Keeping Sight

00:03:00 281 M HKA
Chernysheva belongs to the generation of Russian artists that emerged in the 1990s, a period of political and cultural vibrancy. For her, vision is not just visual or visionary, but also haptic, social and philosophical.

For more than a decade, M HKA has been inviting contemporary artists to do ‘interventions’ that combine their own works with works from our collection. These exhibitions have been quite different from each other, with various amounts of works from the collection, sometimes even from other collections, and with or without new productions by the invited artists.

This edition of the series features Russian artist Olga Chernysheva. She has selected important works from the M HKA collection, by Francis Alÿs, Hans Eijkelboom, Antoni Muntadas and Hermann Pitz, but she will mainly show her own work from recent years: audiovisual installations, films, photographs and drawings.

The exhibition title was conceived in Russian. Derzhat’sya glazami means something like ‘holding on with one’s eyes’ and captures Chernysheva’s active and complex approach to her work. For her, vision is not just visual or visionary, but also haptic, social and philosophical. 

Olga Chernysheva was born in 1962 in Moscow, where she still lives. Among her numerous solo exhibitions are ‘In the Middle of Things’ at BAK in Utrecht in 2011 and ‘Compossibilities’ at Kunsthalle Erfurt in 2013. She has participated in many international group exhibitions, such as the 6th Berlin Biennial in 2010 and ‘Ostalgia’ at the New Museum in New York in 2011. She represented Russia at the Venice Biennale in 2001.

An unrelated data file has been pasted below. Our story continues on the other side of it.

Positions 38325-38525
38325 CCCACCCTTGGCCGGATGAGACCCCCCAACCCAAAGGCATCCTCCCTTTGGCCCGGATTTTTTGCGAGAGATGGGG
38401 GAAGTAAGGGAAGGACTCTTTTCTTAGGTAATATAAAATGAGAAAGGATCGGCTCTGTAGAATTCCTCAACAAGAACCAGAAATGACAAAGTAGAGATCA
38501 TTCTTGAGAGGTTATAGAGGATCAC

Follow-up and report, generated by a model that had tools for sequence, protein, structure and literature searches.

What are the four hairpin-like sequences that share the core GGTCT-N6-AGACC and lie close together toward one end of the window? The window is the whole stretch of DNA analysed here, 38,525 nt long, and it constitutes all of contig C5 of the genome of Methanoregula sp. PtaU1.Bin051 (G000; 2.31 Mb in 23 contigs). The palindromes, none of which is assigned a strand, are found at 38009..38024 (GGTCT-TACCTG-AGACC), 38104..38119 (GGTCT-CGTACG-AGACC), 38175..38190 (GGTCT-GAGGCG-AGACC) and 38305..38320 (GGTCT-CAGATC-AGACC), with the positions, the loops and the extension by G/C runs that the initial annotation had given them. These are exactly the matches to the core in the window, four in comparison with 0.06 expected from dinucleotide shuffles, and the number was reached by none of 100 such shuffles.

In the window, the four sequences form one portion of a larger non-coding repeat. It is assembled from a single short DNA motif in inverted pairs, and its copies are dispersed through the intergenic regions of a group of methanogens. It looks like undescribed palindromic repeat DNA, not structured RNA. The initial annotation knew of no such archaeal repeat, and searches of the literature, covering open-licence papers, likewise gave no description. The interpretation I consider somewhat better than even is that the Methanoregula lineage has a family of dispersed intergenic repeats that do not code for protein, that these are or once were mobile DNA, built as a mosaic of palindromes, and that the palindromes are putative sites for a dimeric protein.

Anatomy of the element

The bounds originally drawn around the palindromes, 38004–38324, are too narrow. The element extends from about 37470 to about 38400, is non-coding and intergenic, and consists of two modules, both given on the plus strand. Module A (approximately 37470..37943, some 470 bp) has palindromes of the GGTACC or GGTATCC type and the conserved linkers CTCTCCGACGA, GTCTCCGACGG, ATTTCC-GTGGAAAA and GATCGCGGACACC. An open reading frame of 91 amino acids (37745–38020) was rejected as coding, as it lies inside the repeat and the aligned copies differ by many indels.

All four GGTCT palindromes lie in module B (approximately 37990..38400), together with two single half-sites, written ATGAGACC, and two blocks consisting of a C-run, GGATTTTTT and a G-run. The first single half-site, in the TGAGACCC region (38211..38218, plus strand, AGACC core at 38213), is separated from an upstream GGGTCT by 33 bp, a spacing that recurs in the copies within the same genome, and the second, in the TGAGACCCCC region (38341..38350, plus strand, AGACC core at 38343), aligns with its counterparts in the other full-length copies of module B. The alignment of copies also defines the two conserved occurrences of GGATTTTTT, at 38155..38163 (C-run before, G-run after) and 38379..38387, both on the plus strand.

Chernysheva belongs to the generation of Russian artists that emerged in the 1990s, a period of political and cultural vibrancy that also brought economic hardship to many ordinary people and made a chosen few (‘the oligarchs’) fabulously rich. With her formally sophisticated and subtly humorous work, she continues a long Russian tradition of critical and compassionate social realism – not to be confused with the socialist realism that was the official artistic doctrine of the USSR.

Video credits

  • Thanks to Olga Chernysheva 
  • Interview: Lot Wens 
  • Coördination: Ghislaine Peeters 
  • Camera and editing: Mario De Munck

 

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